‘Warm Bodies': Did the Zom-Rom-Com Charm Critics?
It’s probably no easy task to create a coming-of-age film around a character who no longer ages. By virtue of being, you know, well, dead. But Warm Bodies offers up a romantic comedy about a zombie in love – a zom-rom-com, if you will – in which a beautiful, blonde-haired survivor played by Teresa Palmer stirs the passions of the undead Nicholas Hoult.
Is love all that anybody, alive or dead or somewhere in-between, ever truly needs?
This clever twist on the genre film is earning high marks from critics thusfar in a month that’s already proven financially successful for the horror genre. Hopefully this flick will see some living, breathing love at the box-office.
Tasha Robinson, AV Club
“On paper, much of this story was about the protagonist’s internal life, in a way that turned him into a colorfully realized version of an every-teen: awkward at expressing himself, occasionally horrified at the gap between his feelings and his actions, uncertain where each new development might lead, but excited by every new hint of hope and of escape from the dreary, mundane daily plod. Onscreen, it’s a mildly comedic but bluntly told story about how teen romance magically cures zombie infection.”
“Warm Bodies is a supernatural teen love story with a brain. (Excuse me. . .BRAINS!) It is hardly a memorable film, and certainly a step back for director Jonathan Levine after the masterful 50/50, but it’s cute, and if you are a high schooler looking for a date flick or slightly older and chaperoning your niece you could do a hell of a lot worse.”
Michael Phillips, The Chicago Tribune
“We’re a long way from the manic, repulsive, jolly slapstick of Zombieland. This is more like a sensitively bent version of a Nicholas Sparks novel, where lovers must overcome significant social obstacles before moving on to the bed. At one point we hear R remind himself: ‘Don’t be creepy … don’t be creepy,’ as he tries to pass for human among actual humans. Hoult has a nice, sympathetic quality at such moments, though the whole of Warm Bodies, in both its comic and dramatic strains, lacks a certain…what? Ooomph? Intensity? Invention?”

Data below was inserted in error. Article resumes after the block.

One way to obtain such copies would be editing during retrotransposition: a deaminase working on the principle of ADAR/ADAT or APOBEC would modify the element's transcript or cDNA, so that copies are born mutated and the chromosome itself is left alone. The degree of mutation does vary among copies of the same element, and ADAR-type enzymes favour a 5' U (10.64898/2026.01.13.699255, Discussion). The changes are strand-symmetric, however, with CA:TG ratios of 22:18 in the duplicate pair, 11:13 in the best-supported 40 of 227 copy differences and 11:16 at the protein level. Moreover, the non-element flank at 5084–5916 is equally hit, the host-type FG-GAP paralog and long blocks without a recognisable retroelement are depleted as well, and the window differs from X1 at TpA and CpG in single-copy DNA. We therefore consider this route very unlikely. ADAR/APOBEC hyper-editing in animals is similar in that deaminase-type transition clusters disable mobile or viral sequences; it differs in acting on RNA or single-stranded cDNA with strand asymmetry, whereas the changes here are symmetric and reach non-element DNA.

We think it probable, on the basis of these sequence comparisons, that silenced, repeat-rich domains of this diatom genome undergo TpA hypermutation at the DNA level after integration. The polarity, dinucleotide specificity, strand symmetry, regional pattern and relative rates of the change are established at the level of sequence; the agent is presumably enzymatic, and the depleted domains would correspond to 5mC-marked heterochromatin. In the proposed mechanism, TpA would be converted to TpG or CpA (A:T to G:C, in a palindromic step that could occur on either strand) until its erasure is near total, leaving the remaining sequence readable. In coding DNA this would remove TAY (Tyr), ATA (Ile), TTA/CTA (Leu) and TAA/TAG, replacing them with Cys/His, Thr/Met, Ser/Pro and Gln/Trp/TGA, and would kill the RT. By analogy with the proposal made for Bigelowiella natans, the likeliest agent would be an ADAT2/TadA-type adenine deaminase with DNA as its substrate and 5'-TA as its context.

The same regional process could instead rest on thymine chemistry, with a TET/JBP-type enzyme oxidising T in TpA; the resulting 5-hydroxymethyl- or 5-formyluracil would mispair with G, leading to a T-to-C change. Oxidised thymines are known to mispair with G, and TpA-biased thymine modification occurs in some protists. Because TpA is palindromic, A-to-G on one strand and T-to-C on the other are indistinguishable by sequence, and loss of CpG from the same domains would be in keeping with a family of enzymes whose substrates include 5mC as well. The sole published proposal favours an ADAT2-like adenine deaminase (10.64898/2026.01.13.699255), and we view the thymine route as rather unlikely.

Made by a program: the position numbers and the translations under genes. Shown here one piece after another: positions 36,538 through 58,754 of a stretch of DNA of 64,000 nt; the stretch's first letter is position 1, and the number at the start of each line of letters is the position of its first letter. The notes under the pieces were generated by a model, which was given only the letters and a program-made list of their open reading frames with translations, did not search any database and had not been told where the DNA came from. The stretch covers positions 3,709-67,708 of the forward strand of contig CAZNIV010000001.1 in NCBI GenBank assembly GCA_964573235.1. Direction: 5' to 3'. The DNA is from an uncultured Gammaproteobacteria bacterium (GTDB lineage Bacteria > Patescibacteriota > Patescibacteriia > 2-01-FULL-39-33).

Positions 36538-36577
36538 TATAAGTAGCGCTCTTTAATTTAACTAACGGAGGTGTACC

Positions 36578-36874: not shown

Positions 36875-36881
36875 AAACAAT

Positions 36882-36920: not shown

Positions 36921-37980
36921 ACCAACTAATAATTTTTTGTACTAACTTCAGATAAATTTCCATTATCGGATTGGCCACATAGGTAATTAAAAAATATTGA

Richard Roeper, Chicago Sun-Times
“This is a bloody fresh twist on the most popular horror genre of this century, with none-too-subtle echoes of a certain star-crossed romance that harks back to a certain bard who placed a certain young Romeo under a certain balcony. I kinda love this movie. Warm Bodies is a well-paced, nicely directed, post-apocalyptic love story with a terrific sense of humor and the, um, guts to be unabashedly romantic and unapologetically optimistic.”
“Warm Bodies, the latest permutation of the zombie screen phenomenon, places heart over horror and romantic teen angst over sharp social commentary. The low gore quotient and emphasis on young love might disappoint genre purists, but for those open to the idea of a gently goofy mash-up, the film is strong on atmosphere and offers likably low-key, if somewhat bland, charms. As a date movie for teens and twentysomethings that nods toward edgy fantasy while favoring down-to-earth mellowness, the Summit release is primed to hit the box-office sweet spot.”
Watch the trailer for Warm Bodies and then let us know — what did you think of the zom-rom-com?
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